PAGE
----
"The Great Resignation" continues to attract researchers and leaders, all trying to understand and solve this puzzle that has taken America by storm. People, by nature, seek what is in the best interest of themselves and their families. Sometimes, that means leaving their jobs. And even though there are times when we can't exactly blame them, it still hurts. It hurts when you have spent tireless hours investing into a professional relationship, and it especially hits you right in the gut when people walk off the job because they are just "done."
Lately, I have felt the pangs of this hurt on so many levels, but what hurts the most is hearing the pain experienced by residents, colleagues and associates. My heart aches when I hear the deflated spirit of a colleague and feel the sense of hopelessness that hangs heavily in the air.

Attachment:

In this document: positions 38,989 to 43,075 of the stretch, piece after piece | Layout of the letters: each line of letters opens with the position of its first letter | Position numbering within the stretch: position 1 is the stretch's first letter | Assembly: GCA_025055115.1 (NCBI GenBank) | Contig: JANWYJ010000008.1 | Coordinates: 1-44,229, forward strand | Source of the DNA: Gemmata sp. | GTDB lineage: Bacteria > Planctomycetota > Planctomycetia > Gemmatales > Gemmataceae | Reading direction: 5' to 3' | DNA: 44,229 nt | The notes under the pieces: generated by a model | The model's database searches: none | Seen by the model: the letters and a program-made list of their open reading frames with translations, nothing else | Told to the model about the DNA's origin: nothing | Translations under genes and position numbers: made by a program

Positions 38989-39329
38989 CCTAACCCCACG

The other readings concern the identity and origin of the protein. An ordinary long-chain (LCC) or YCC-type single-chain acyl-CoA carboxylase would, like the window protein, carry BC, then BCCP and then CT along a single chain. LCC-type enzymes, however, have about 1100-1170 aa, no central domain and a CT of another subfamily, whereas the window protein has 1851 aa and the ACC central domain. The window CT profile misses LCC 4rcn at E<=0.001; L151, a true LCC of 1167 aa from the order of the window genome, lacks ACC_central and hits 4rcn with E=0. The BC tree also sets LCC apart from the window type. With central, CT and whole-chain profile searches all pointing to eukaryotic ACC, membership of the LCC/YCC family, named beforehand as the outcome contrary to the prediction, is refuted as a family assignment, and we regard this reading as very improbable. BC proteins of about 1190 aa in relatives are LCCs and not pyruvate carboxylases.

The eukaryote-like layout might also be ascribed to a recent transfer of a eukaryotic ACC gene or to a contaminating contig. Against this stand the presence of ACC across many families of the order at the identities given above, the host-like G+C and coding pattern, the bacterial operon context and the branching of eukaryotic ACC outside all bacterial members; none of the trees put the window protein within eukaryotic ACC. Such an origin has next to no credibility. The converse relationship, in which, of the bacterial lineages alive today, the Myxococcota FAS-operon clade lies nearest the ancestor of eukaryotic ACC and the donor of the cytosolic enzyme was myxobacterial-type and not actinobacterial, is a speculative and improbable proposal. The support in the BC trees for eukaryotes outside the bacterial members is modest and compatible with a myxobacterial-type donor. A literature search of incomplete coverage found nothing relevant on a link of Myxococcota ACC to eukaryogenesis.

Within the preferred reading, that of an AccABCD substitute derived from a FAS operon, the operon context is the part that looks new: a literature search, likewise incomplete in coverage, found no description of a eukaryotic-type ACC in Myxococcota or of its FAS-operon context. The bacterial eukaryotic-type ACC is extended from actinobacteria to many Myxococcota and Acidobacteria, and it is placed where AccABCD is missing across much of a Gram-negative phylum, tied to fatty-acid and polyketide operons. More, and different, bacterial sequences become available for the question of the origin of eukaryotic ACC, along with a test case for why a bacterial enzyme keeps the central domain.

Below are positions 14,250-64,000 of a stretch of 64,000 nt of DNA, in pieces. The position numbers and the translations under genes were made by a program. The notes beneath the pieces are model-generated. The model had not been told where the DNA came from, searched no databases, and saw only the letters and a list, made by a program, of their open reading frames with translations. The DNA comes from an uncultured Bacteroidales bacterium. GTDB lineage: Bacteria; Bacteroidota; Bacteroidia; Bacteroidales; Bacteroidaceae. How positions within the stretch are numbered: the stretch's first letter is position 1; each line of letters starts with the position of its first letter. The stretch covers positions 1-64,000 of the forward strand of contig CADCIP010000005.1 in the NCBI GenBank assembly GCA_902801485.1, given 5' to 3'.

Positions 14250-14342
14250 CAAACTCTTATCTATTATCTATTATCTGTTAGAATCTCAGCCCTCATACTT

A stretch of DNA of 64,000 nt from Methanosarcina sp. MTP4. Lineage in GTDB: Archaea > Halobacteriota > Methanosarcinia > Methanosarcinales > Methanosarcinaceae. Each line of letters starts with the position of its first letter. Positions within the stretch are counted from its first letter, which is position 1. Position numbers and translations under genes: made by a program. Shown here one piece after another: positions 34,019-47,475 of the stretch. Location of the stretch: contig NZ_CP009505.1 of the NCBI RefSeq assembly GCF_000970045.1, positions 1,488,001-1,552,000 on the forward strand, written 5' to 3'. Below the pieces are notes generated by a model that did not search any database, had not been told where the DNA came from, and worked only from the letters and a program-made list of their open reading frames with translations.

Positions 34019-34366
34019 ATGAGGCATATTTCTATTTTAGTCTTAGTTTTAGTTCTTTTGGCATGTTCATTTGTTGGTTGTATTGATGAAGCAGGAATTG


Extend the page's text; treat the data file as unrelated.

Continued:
Tonight, I listened to the tired, sweet and beautiful voice of a resident from another state, who simply asked me, "Why?"
I, too, felt deflated as she posed the question. I listened to the disappointment in her voice. She felt the associate who had resigned was like "family" to her, and our residents believe that families should be committed to one another. It was heart-wrenching to hear how personally this resident was suffering from the situation.
Humans are problem-solvers by nature, and by instinct, we want to fix the broken pieces, find the missing puzzle piece, and mend the rifts. There is a scripture in the Bible that says, "When you've done everything you can do, just stand" (Ephesians 6:13).
"Doing" is part of our nature, but during times when life is so overwhelming, sometimes all you can do is stand. Sometimes, standing is enough.
Standing requires strength, presence, and courage. Today, you may not have all the answers, and you may not be able to solve the problem, but you're here. That's what counts. Don't give up, and don't be discouraged. Just stand. Standing is winning.